The sound that comes out of the machine is perfectly adequate, but I also had no issues pairing it with my Bluetooth headphones. I haven’t attempted to connect any other peripherals to it, nor have I bought any sort of dock or USB-C hub for it. I did splurge on a package of screen protectors, and a couple of USB-C cords as well as a couple of USB-C to USB-A adapters. My first attempt at using one of those cords to charge it didn’t actually work, but I was trying to charge it through my bedside lamp. The cord works ok in the USB-C port of my power strip at my desk, but I get a “slow charge” warning. For now, the plug it came with seems to be the best option for passthrough play, and if I attempt any lengthy gaming sessions, I’ll certainly want to be plugged in.

I’m still not 100% sure exactly what types of games I will gravitate towards the most – I had intended for it to be a way to play some of the more casual titles in my library on those days that sitting at my desk was particularly hard for one reason or another. That may still be where it sees the majority of its use, but I can see myself doing some more “serious” gaming on it once I get a better handle on all the controls. It’s certainly not going to replace my PC, but it’s a very nice little side machine.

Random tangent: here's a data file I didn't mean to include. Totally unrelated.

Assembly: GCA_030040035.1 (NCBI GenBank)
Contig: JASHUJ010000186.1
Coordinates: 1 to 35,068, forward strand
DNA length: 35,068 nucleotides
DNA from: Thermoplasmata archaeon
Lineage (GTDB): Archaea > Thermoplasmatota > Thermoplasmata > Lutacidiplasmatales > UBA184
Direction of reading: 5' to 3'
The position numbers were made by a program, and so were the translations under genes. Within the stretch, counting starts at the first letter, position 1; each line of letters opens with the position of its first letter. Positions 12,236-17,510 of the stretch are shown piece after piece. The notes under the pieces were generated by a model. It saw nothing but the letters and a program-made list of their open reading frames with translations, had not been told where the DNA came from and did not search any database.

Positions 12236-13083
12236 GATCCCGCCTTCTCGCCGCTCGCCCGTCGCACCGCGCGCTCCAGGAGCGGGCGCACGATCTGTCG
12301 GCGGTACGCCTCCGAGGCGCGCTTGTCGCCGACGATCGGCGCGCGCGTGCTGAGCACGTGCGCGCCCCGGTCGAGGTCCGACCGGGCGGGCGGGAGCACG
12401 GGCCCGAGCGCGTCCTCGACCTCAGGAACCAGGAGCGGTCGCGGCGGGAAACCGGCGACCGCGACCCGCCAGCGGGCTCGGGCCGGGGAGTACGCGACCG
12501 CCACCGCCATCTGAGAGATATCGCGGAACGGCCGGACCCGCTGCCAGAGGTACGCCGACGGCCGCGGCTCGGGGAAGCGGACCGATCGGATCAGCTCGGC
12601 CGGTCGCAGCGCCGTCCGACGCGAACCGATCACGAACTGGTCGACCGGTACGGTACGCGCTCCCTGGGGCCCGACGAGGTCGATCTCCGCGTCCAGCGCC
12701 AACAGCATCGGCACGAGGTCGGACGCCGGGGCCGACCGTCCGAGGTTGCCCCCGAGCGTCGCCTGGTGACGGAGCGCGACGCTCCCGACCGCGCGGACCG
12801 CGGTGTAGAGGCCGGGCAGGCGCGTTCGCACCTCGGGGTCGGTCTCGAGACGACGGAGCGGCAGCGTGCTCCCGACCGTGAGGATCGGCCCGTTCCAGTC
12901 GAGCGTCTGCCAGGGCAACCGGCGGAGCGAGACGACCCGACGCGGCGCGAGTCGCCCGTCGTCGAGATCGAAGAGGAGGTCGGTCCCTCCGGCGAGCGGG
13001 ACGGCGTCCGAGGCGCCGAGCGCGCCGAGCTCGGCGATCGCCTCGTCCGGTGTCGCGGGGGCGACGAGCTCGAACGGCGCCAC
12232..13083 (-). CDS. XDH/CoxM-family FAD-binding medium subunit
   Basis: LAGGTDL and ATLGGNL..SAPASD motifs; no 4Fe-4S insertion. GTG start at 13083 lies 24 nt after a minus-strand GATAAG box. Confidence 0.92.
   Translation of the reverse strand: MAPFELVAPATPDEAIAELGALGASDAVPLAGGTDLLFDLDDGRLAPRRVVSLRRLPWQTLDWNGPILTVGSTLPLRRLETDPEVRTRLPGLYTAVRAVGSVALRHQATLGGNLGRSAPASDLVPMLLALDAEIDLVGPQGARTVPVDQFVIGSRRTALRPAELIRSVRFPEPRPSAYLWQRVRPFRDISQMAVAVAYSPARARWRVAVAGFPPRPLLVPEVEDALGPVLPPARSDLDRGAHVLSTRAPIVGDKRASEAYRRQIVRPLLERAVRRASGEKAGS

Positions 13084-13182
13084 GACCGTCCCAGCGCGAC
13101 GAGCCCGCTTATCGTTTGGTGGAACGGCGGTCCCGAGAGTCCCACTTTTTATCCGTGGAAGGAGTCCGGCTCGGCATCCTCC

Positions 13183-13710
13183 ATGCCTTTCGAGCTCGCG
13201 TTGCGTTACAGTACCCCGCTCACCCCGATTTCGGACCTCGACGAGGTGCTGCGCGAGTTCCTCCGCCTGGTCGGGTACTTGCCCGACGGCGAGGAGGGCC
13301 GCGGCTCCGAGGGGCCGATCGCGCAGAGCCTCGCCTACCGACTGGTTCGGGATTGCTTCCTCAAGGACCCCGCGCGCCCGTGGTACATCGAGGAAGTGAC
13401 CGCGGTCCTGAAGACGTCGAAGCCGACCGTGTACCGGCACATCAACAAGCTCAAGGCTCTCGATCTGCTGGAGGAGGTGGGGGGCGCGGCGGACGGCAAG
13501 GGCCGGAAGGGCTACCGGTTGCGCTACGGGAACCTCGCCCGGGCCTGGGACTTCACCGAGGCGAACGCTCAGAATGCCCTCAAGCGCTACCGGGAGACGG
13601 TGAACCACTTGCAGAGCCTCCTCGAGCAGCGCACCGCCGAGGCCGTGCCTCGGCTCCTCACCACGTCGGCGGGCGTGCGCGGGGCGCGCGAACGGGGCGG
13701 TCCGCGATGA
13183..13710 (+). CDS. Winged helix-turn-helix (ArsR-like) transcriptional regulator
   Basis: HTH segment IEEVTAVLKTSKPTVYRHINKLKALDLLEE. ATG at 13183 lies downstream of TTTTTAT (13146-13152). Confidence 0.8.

Will it be a machine that makes me fall in love with platformers? Probably not, but I expect I’ll at least need to try some out eventually.


I’m definitely glad I bought it (and glad that I got it delivered, on time, and with no issues), but a few major changes in my circumstances over the past few months have meant I’m not spending as much time with it as I had expected to. Firstly, I’m moved into my new space, which means I’m in a quieter and more comfortable space for my gaming time already. Secondly, I started a little blog project a few months ago, which means I’m playing a little bit of a lot of games, and given the amount of time I’m spending both playing and writing about these games, I want the simplest way to have screenshots available.